When I was on the staff of my college newspaper, a group of young, liberal skeptics would always mock Christianity. One of the arguments they always used to show the pointlessness of the scriptures was the prohibition in the Old Testament law against blending two types of fabric.
“You shall not wear combined fibers, wool and linen together.” (Deuteronomy 22:11)
” . . . neither shall a garment mingled of linen and woolen come upon thee.” (Leviticus 19:19)
“Why would God care about something so petty?” they would ask.
At the time I didn’t have an answer, but I’m so glad that they mocked this bit of scripture because it motivated me to find out why this commandment was there, and it turns out that understanding this commandment opens up the whole Bible and its beautiful message of grace!
The mystery of the woolen and linen begins to unfold right after the Fall. Adam and Eve were tempted by Satan and disobeyed God, eating of the fruit of the Tree of the Knowledge of Good and Evil. Immediately after this they felt guilt, shame, and fear, and covered themselves with fig leaves, hiding from God. When God confronted them, he pronounced the consequences of their actions and then covered them with furs.
“Unto Adam also and to his wife did the LORD God make coats of skins, and clothed them.” (Genesis 3:21)
God covered them immediately by shedding the blood of an animal and giving them furs to cover themselves. After this, Adam and Eve must have known the shedding of blood was the requirement for covering sins because Cain and Abel also knew about it. Abel offered the proper sacrifice, the blood of a lamb, but Cain offered vegetables as an offering.
“The Lord looked with favor on Abel and his offering, but on Cain and his offering he did not look with favor.” (Genesis 4:4-5)
The author of Hebrews tells us in verse 11:4 that Abel’s sacrifice was a more “acceptable” offering.
“By faith Abel offered to God a more acceptable sacrifice than Cain, through which he was commended as righteous, God commending him by accepting his gifts.” (Hebrews 11:4)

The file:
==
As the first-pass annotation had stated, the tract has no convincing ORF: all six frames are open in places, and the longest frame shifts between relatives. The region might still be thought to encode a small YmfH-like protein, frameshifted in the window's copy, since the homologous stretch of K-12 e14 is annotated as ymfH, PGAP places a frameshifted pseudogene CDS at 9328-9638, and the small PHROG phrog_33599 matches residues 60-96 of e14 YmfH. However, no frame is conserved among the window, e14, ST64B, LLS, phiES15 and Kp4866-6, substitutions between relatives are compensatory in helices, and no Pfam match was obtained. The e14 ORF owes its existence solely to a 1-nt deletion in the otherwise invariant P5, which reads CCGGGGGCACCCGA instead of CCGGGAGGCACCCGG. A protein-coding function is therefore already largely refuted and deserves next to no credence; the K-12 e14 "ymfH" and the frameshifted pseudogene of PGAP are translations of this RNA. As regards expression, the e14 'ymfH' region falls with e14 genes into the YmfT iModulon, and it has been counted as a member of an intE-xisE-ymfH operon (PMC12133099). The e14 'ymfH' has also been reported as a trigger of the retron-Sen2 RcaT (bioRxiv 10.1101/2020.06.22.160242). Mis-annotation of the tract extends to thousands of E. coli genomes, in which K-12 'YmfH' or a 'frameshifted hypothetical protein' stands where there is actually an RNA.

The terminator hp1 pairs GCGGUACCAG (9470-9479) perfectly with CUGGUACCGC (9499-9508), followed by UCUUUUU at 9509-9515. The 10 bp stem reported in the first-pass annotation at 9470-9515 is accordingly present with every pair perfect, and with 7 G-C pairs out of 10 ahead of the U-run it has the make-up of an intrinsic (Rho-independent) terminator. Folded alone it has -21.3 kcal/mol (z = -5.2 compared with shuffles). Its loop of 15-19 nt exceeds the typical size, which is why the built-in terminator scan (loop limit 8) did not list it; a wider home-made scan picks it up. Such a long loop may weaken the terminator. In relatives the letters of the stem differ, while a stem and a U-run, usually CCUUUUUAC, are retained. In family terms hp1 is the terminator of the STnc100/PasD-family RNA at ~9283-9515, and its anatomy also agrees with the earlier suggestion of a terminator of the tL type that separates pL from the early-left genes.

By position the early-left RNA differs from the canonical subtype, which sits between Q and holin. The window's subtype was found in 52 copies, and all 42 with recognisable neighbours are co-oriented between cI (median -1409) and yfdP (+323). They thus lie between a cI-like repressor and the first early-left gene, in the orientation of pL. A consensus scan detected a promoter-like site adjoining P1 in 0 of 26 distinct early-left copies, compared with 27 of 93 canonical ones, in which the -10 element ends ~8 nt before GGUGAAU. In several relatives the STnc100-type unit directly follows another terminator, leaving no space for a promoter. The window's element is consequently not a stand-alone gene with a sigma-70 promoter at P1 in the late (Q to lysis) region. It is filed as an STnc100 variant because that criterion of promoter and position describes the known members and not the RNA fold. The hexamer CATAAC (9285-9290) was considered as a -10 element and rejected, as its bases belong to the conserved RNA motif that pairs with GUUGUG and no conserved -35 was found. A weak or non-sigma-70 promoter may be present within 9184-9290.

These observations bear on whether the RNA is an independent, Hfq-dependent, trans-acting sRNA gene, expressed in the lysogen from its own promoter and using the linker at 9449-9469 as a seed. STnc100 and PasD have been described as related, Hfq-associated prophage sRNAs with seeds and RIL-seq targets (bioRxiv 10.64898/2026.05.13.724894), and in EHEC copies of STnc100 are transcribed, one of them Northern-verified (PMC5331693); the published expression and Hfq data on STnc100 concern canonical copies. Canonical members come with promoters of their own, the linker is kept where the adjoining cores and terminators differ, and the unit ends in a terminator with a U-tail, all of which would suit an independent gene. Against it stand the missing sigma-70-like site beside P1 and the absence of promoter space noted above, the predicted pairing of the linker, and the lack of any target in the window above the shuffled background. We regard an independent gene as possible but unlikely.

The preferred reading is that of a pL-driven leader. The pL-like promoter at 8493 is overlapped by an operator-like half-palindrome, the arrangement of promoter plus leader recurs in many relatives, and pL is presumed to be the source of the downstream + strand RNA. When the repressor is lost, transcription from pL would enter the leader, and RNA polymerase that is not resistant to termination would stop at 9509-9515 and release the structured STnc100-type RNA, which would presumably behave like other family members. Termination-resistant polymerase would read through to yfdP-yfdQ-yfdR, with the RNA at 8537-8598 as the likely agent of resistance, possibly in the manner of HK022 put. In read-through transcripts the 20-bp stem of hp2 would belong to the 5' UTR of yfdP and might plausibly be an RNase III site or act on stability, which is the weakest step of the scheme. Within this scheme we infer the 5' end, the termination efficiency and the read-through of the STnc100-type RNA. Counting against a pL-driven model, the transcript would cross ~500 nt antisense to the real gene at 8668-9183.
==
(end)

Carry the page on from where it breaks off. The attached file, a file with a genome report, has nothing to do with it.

Why? Because there’s only one way for sin to be covered (to be made righteous)–through the blood of a lamb. Not through fig leaves or vegetables, but by shed blood.
When Moses brought the Israelites out of Egypt, he was told by God to have the people apply the blood of a lamb to the doorposts of their homes in order for the death angel to know to pass over that home. (Exodus 12: 7, 22.) This is another example of the blood of a lamb being acceptable to God as a covering.
This requirement was instilled in the Old Testament law also. The priests would have to perform a blood sacrifice for the forgiveness of sins. Blood sacrifice would also be part of the feasts of Israel, such as Passover.
And Isaiah the prophet would explain this mystery of the shedding of blood even further:
“But he was pierced for our transgressions, he was crushed for our iniquities; the punishment that brought us peace was on him, and by his wounds we are healed. We all, like sheep, have gone astray, each of us has turned to our own way; and the Lord has laid on him the iniquity of us all. He was oppressed and afflicted, yet he did not open his mouth; he was led like a lamb to the slaughter, and as a sheep before its shearers is silent, so he did not open his mouth.” (Isaiah 53: 5-7)